Uranium is a heavy metal that has been used as an abundant source of concentrated energy for over 60 years.
Nuclear provides safe and reliable, emissions free baseload power and is a key pillar in the clean energy transition. Nuclear power is important to achieve net zero goals.
About 10% of the world’s electricity is generated from uranium in nuclear reactors. This amounts to over 2500 TWh each year, as much as from all sources of electricity worldwide in 1960.
It comes from about 440 nuclear reactors with a total output capacity of about 390,000 megawatts (MWe) operating in 32 countries. About 55 more reactors are under construction and about 100 are planned.
The world’s existing nuclear fleet and new build reactors require an increasing supply of uranium, yet uranium production has declined.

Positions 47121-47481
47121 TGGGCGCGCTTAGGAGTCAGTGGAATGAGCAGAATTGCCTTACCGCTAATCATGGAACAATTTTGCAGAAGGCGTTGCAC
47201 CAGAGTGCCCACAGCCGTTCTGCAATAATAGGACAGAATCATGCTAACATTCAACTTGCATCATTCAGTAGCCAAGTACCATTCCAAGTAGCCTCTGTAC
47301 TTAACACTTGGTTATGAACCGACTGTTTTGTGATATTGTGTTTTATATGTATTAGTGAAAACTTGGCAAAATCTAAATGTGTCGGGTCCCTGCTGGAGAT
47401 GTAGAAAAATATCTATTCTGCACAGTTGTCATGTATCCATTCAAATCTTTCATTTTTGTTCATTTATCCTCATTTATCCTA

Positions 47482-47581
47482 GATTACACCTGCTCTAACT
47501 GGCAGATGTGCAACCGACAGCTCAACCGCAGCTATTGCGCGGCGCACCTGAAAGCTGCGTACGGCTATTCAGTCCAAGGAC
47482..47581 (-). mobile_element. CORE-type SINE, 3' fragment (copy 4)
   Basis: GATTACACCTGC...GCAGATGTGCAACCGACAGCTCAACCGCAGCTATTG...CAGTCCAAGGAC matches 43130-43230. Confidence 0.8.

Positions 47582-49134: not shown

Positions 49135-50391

Belgium, Bulgaria, Czech Republic, Finland, France, Hungary, Slovakia, Slovenia, Sweden, Switzerland and Ukraine all get 30% or more of their electricity from nuclear reactors.
Emmanuel Macron recently announced a renaissance for the French Nuclear Industry:
‘What our country needs is the rebirth of France’s nuclear industry’
The US nuclear power industry is still the world’s largest uranium consumer, with little domestic supply, providing a domestic opportunity for Aurora. The USA has about 90 reactors operating, supplying 20% of its electricity.
Over the past decade, uranium production from mines in the United States has declined from ~1,596 tonnes of uranium in 2012 to ~6 tonnes in 2020, resulting in the US having to import nearly all of its uranium requirements. The Aurora Energy Metals Project in southeast Oregon is well placed to potentially become a future supplier of locally mined uranium for the US nuclear sector.